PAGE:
How many of you would have thought that Social Media Sentiment Analysis would be important 5 years ago? How many would have thought that hashtag usage would have become so pervasive in all forms of media? How many understood the importance of location information (and even the time stamp for that location)? My guess is that it would be less than 50% of all companies.

This ambiguity is both the good and bad thing about big data. In the old data warehouse days you knew what was important because this was your data about your business, systems, and customers.  While IT may have seemed tough before, it can be much more challenging now. But, the payoff can also be much larger so it is worth the effort. Many times you don’t know what you don’t know – and you just need to accept that.

Now we care about unstructured data (website information, blog posts, press releases, tweets, etc.), streaming data (stock ticker data is a common example), sensor data (temperature, altitude, humidity, location, lateral and horizontal forces), temporal data, etc.  Data arrives from multiple sources and likely will have multiple time frame references (e.g., constant streaming versus updates with varying granularity), often in unknown or inconsistent formats.

Robust and flexible data integration, data protection, and data privacy will all become far more important in the near future! This is just the beginning for Big Data.

The Power of Simplicity

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If you can’t explain it simply, you don’t understand it well enough.”  – Albert Einstein

I actually didn’t care much for consultants in the first part of my career. My experience was that people would come in, tell you what to do, and then leave victoriously while we were stuck trying to implement something that just wouldn’t work. It seemed that they made everything seem so complex – often as a way to justify their cost.

Then, I met a really amazing consultant who shared something valuable with me. He explained what he believed differentiated a true consultant from a contractor (something I wrote about a decade later in a Tech Republic article).  He then made me aware of the Einstein quote above. This was one of those pivotal moments in my career.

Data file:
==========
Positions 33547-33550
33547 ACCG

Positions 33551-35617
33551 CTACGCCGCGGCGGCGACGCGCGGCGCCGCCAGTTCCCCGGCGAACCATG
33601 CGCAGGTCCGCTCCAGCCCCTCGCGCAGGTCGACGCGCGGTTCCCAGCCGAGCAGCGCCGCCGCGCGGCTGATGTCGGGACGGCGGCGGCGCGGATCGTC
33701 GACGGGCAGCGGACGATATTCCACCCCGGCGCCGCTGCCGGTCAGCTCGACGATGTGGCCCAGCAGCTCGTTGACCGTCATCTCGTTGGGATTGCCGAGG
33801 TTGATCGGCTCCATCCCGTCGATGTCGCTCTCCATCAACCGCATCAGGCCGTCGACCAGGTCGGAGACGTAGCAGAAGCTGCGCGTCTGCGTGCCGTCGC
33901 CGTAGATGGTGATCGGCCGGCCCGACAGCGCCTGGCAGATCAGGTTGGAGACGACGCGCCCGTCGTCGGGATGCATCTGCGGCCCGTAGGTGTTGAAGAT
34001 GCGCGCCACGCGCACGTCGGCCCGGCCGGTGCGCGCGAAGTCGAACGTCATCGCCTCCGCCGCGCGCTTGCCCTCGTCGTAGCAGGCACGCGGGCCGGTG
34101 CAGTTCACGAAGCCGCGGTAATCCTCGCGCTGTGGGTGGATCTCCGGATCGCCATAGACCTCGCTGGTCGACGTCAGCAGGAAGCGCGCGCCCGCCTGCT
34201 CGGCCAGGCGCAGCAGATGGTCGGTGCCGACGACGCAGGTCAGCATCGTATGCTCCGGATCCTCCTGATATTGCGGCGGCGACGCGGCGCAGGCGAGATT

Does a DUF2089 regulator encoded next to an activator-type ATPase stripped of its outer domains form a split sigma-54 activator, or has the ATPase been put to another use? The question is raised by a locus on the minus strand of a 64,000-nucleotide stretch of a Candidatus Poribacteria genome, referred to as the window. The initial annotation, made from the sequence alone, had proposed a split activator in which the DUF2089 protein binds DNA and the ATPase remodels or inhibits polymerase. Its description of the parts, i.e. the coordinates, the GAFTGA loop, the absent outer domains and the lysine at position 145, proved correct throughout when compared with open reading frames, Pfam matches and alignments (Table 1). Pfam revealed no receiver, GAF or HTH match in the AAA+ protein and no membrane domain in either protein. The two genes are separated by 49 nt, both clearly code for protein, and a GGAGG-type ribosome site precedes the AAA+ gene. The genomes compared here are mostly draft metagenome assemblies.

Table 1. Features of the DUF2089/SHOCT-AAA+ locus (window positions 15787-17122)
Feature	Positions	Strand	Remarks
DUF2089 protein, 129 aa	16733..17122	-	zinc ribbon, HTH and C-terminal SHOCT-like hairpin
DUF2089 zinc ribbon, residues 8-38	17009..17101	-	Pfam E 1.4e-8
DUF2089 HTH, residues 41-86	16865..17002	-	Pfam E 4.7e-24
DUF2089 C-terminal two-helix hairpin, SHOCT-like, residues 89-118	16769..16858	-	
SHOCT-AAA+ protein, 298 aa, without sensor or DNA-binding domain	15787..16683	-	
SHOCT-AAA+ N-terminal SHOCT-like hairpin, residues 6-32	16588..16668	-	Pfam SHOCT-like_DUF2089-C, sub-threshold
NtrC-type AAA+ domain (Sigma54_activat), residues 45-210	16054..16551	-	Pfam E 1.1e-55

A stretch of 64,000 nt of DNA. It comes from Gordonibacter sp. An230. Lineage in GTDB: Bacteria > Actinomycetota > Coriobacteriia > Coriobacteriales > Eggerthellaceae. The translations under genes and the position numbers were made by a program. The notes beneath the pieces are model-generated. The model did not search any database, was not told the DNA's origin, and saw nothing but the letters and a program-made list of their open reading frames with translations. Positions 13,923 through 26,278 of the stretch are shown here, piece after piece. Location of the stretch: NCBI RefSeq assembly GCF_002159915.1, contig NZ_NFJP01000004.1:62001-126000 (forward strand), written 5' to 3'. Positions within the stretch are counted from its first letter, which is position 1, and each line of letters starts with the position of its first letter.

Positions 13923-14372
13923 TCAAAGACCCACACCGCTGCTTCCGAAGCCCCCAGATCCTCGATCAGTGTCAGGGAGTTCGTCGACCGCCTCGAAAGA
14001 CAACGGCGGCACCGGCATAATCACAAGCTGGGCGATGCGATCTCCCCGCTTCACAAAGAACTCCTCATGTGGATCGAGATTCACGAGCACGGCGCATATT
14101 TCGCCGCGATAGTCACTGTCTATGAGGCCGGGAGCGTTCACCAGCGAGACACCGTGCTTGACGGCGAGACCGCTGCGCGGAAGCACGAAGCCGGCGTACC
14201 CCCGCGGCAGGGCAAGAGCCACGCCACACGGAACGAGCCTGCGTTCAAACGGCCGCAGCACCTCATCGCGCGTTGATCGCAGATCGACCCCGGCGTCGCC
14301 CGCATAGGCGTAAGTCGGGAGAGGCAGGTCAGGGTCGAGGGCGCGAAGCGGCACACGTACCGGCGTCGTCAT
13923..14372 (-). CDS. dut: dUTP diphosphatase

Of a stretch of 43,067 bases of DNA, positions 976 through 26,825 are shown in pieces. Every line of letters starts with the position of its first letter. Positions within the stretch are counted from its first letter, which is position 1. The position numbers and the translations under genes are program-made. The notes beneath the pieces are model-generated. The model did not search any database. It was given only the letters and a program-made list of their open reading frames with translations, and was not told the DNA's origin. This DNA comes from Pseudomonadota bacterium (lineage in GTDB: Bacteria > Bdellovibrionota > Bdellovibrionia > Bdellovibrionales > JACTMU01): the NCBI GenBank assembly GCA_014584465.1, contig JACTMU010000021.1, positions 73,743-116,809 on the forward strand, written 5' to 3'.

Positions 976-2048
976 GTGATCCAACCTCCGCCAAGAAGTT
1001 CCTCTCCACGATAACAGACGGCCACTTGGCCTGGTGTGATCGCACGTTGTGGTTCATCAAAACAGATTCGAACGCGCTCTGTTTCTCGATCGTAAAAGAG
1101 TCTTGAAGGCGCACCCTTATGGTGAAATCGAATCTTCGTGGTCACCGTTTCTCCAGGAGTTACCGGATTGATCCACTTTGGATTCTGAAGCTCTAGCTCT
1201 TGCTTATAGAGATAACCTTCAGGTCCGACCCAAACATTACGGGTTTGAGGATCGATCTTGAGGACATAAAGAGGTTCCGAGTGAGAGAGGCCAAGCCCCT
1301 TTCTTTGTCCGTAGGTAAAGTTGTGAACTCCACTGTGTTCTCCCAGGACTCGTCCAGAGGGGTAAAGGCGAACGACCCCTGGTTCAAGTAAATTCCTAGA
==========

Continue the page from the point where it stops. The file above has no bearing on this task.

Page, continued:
Over the course of many years I have met many interesting people. Some seemed to try to intentionally obfuscate even the easiest things to try making themselves seem brilliant. Others took such a circuitous route that you sometimes forgot about what you were trying to understand and fix. And sometimes explanations were just so tangential that the main point was completely lost. There are likely many reasons for these experiences – some intentional and many not. The real lesson learned is that it wasn’t just consultants who have the ability to be incomprehensible, and that clear and comprehensible communication is key to effectiveness.

Just think about the power of a well crafted “elevator pitch” when you meet someone new, or the ability to quickly explain how your company differentiates itself from the competition (making you the better or safer choice in your prospect’s mind). Or, being able to articulate your business strategy in a way that people not only understand, but also so interests them enough where they want to learn more and be part of making that happen. This goes well beyond just having good communication skills.